“Risk managers and internal auditors play an important role of coordination and cooperation to build an effective and resilient cyber security system within an organisation,” ECIIA President Henrik Stein says. ”We hope to convince organisations and regulators about the importance of a strong governance model to mitigate cyber risks.”
The guidance outlines a comprehensive risk management approach to cybersecurity, a cyber awareness program covering everyone in the organisation from top to bottom and, most important, the interactions between the three lines of defense to facilitate the communication to the board that is ultimately responsible for the oversight of the cyber governance framework.
Cyber risk was the most commonly cited threat by heads of internal audit across Europe regardless of nationality or business sector, according to a new report written by some members of ECIIA.
The EU’s General Data Protection Regulation and the broader challenge of managing data came second in the surveyRisk in focus: hot topics for internal audit 2018. The pace of innovation businesses face was the third most widely cited risk concern.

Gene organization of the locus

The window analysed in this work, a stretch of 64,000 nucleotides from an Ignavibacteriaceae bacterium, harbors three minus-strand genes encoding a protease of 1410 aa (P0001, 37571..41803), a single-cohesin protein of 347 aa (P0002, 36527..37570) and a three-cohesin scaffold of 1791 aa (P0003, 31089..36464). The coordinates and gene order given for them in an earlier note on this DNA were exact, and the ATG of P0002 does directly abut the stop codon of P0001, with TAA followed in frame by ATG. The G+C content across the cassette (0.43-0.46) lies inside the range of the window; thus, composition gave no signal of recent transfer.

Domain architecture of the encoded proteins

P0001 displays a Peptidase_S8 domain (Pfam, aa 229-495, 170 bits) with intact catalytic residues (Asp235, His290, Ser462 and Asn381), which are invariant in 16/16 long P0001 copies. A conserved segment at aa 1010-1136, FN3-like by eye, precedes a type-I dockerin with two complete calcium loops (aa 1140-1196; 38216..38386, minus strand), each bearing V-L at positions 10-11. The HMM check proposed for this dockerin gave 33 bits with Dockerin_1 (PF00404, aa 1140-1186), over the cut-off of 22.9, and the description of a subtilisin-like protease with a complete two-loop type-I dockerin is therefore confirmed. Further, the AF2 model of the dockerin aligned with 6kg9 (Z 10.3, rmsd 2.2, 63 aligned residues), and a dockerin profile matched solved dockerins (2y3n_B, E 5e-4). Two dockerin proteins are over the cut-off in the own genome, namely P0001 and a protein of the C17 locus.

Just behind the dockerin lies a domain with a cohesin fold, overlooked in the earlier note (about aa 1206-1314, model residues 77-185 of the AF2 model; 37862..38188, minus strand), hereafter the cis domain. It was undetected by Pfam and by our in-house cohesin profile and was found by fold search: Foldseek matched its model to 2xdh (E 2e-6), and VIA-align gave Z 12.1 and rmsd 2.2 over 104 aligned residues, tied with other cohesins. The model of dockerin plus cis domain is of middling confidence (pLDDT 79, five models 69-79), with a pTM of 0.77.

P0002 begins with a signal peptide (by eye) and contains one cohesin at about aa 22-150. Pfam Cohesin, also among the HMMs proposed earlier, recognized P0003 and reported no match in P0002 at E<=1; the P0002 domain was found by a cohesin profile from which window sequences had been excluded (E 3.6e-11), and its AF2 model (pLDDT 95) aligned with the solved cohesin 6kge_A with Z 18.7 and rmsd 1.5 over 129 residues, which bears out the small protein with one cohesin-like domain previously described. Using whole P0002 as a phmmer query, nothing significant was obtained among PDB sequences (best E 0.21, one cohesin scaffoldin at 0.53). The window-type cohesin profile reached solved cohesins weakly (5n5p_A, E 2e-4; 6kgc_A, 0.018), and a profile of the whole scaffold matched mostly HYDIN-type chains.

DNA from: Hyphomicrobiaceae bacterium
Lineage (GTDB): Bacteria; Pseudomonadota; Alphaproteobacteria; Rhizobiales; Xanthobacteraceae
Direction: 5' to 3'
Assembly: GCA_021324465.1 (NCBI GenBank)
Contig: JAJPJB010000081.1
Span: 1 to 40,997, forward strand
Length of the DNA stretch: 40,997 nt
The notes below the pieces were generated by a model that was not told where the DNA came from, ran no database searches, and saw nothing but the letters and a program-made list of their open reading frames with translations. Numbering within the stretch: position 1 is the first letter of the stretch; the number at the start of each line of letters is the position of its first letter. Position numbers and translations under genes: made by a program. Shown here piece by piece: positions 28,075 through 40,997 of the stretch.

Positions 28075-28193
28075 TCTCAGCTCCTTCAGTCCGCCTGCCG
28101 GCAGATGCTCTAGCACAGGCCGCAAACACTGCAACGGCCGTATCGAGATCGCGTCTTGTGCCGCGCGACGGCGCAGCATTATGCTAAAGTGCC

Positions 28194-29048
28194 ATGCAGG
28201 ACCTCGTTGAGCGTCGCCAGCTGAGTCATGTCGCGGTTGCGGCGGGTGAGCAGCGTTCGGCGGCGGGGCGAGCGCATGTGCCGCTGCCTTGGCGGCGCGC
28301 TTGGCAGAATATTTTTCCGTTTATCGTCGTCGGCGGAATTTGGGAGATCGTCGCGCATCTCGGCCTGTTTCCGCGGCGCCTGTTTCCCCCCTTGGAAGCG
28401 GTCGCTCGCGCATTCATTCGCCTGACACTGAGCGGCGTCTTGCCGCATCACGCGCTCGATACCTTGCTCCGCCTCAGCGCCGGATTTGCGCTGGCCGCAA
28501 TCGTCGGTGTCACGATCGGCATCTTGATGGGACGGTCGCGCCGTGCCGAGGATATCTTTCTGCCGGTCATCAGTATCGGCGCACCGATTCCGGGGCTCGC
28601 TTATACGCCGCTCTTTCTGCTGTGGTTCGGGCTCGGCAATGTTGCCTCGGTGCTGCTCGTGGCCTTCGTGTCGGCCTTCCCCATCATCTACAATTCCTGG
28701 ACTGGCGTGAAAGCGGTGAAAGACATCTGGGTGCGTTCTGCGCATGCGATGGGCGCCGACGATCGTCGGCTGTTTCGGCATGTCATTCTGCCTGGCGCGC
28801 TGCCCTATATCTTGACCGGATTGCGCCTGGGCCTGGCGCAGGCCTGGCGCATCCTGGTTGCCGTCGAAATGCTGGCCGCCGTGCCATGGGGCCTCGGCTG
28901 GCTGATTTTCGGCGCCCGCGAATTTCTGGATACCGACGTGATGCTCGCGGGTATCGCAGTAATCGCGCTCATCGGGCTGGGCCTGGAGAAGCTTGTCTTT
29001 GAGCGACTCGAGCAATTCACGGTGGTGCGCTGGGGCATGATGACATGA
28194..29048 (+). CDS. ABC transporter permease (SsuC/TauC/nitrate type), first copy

“The defining theme of this report is the fundamental impact that technology has in shaping, enabling and disrupting organisations’ operations and strategies,” Farid Aractingi, ECIIA President said. “This is a pressure that requires internal auditors to learn new skills and adopt innovative tools to bolster their capabilities in an increasingly digital world.”
The report’s research team interviewed chief audit executives (CAEs) from major organisations in six European countries – France, Italy, the Netherlands, Spain, Switzerland and the UK.
Not surprisingly there were some regional differences. CAEs in the UK and Spain said that political uncertainty could expose their organisations to fresh threats and opportunities. In the UK, these views were largely prompted by the prospect of Brexit; in Spain they arose within multinational businesses having expanded into Mexico and the implications of the Trump administration’s hostile position towards the country.
Those in the financial services sector showed more concern over regulatory complexity than any other industry. Notably, for CAEs at institutions in France, Italy, the Netherlands and Spain the continuing development of the European Central Bank’s three-year old Single Supervisory Mechanism was cited as a risk.